district and possibly the Eighth. The re
turns from the latter district are still in
complete. IV eat Virginia Reports.
"Wheeling, W.-Va., Nov. 10. West Vir
ginia has surprised even many Democrats
by remaining true to the solid south. Tues
day night everybody conceded that the
state would' go Republican. Last night
the Republican state committee conceded
the election of McCorkle, Dem., forgovenior
a-LOOD or 1.200 nluralitv. The state has
j gone for Cleveland. The legislatu -e will
be Democratic on joint ballot by ten ma
jority. A Little Sarpriit. In Texas.
Dallas, Nov. 10. Texas has elected
Hogg by a small plurality. Clark doubled
his following since the anti-state conven
j tion canvass. Nugent. Populist, ft r gov
ernor, runs beyond expectations. Looks
like he gets 100,000 out of a possible total
of 3UO.0O0. The Democratic candidi tes for
sioiy iirwnam, jjemocrai, may oe Ucieated
in the Galveston district.
Manley Had Lost All Hope.
New York, Nov. 10. Joseph H. Vanley,
the Maine member of the Republic n -National
committee, was seen at the Fifth
Avenue hotel. lMng asked to give his
views on the result of the electioi he re
plied: "What is the use? It is all over. I
am convinced that we are beaten. Ithonirht
so Tuesday night. I have no hope .n Illi
nois, Indiana, and Wisconsin."
Full Retarns From f enneetieus.
New Haven, Nov. 10. Connecticut has
gone for Cleveland and has elected a Dem-
I ocratic state ticket. With only oni town
missing the state goes: Cleveland J,),
Harrison 76,St. Morris, Democrat, for
governor, has 83,at, and Merwin, Repub
lican, 76,403. Morris' majority is 1,115.
Three Democrats and one Republican are
elected to congress.
Congressmen In Alabama.
Birmingham, Nov. 10. Clark in Firs
district, Oates in Third, Robbing in Fourth,
Bankhead in Sixth, Wheeler in Eighth,
Turpin In Ninth. Second, Fifth and Sev
enth districts close and in doubt. Chances
In favor of Democrats in Seventh and Fu
sionists in other two.
Retnrna From Mauaohnsetta.
BOSTON, Nov. 10. Boston complete gives
Bid well .29, Cleveland 42,059, Harris, n 31,
536; Cleveland's plurality 10,523, against
8,028 four years ago. Haile 28.9S2, F.ussell
43.095 Hamlin flfifi; Russell's plural ty 14,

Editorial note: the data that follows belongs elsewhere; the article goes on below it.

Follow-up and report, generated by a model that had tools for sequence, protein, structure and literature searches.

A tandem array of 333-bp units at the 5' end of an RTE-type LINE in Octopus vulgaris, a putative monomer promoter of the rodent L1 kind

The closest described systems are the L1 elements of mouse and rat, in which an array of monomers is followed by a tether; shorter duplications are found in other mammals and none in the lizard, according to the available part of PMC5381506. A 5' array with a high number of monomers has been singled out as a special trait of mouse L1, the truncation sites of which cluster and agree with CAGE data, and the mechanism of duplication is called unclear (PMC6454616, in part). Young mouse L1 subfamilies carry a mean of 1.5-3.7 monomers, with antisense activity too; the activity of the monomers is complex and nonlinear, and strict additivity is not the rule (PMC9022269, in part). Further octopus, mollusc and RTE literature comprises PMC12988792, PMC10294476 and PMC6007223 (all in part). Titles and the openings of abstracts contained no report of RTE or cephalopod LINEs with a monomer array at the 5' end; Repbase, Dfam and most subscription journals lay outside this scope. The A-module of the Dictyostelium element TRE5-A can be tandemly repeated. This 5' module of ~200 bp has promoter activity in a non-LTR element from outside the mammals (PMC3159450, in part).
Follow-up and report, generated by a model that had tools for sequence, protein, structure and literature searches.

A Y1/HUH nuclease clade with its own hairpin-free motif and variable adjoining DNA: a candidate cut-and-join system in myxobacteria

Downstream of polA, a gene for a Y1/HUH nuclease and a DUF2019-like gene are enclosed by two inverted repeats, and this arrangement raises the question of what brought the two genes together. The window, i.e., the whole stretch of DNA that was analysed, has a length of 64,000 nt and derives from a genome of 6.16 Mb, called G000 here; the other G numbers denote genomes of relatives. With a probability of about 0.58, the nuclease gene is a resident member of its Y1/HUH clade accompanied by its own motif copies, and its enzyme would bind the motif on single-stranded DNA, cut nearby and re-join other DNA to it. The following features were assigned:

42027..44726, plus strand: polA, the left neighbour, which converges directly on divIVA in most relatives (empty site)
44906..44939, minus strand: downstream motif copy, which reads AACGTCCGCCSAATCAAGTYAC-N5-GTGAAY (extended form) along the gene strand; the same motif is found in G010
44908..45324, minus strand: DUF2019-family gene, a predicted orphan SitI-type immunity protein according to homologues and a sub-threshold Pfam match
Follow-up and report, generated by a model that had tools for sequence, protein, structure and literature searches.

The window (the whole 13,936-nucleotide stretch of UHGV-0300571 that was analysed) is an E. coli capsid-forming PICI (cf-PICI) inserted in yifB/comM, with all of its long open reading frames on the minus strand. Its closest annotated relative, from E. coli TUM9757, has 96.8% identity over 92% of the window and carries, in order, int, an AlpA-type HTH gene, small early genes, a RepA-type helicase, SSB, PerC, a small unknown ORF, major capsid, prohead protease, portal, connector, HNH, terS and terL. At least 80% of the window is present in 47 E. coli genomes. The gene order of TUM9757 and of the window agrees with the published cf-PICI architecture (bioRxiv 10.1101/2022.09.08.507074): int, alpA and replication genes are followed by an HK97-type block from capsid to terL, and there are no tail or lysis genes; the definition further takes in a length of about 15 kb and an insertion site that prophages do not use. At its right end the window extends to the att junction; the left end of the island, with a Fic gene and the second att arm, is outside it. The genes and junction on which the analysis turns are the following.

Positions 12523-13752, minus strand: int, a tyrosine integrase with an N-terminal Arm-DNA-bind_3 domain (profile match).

113, against 13,558 last year.
Harrison and Russell In the Ray State.
Boston, Nov. 10. William E. Russell is
unquestionable re-elected governor of Mas
sachusetts. The state has gi veti Hsrrison
about 32,000 majority, but Russell leads
Haile, Rep., by at least 2,500.
SCATTERING DISPATCH KS.
Columbus O., Nov. 10. The com
plete returns show that Cleveland ha
carried the electoral vote of the Bickeyi
tate beyord a douV. Governor Mc
Einley refuses to be interviewed on t(u
result until tomorrow when be eays be
will explain it.
Dm Moines. Iowa Noy. 10 Iowa
gives the republicau ticket 10.000 rr sj or i
ty. Gen. Weaver has sent the following
uessBge to Harrison: 'Let us mal e vr
Cleveland's election unanimous "
C hicaoo, Nov. 10 Altgeld runs 4 00
behind the head of the ticket. His plur
ility in Cok county if 30 l'00.
Indianapolis Nov 10 Indiana glvts
OUveUn 7 2H( l(irli-v
Riverside stables at New York turned
with thirty-two horses. Loss, IHO.OOO.
The Prusian balance sheet show a de
ficit of 40,000,000 marks, which w ill Jje j
made up by a loan. '
Fire at Columbus, O., destroyel the
Watson, Hallock & Co. building. The
firm dealt in builders hardware, Minds,
sashes, etc., and lose $40,000.
Simon Poey, passenger agent and confi
dential clerk in the offices of the Cuban
Mail Steamship company, is in jail at New
York charged with a defalcation of (10,000.
Dr. William Walter Webb, of Ph ladel
phia, has been chosen to succeed Dr. Ad
ams as president of the famous i pisco
palian training school at Nashotah, Wis.
Dr. Adams is one of the most noted and
popular men in the Episcopal church of
Mike Dwyer, the New York sporting
roan, is said to have won $SO,000 on the
It is hoped at Madison, Wis., tha , Gen
eral C. B. Chapman, who is dangerously
ill, may yet recover.
Immense damage to property in Costa
Rica has been done by floods, the whole
country being devastated to a greater or
At Stockton, Cal., the stallion Sainboul
went a mile in 2:0i.
J. Doyle and wife, an old couple who reg
istered at the International hotel. San
Francisco, from Davenport, la., were
found dead in their bed next morninp, hav
ing been accidentally asphyxiated by gas.
The president has pardoned R. K Iiester,
of Kansas, sent up for perjury; Frederick
Alger, violating pension laws; Charles
Cass, same offense. He commuted 'o six
months' imprisonment the one year sen
tence of H. W. Donneli and Eno:h C.
Coles, of Montana, perjury.
John B. and A. B. Hayes, doing business
at Owen Sound, Ont., under the name of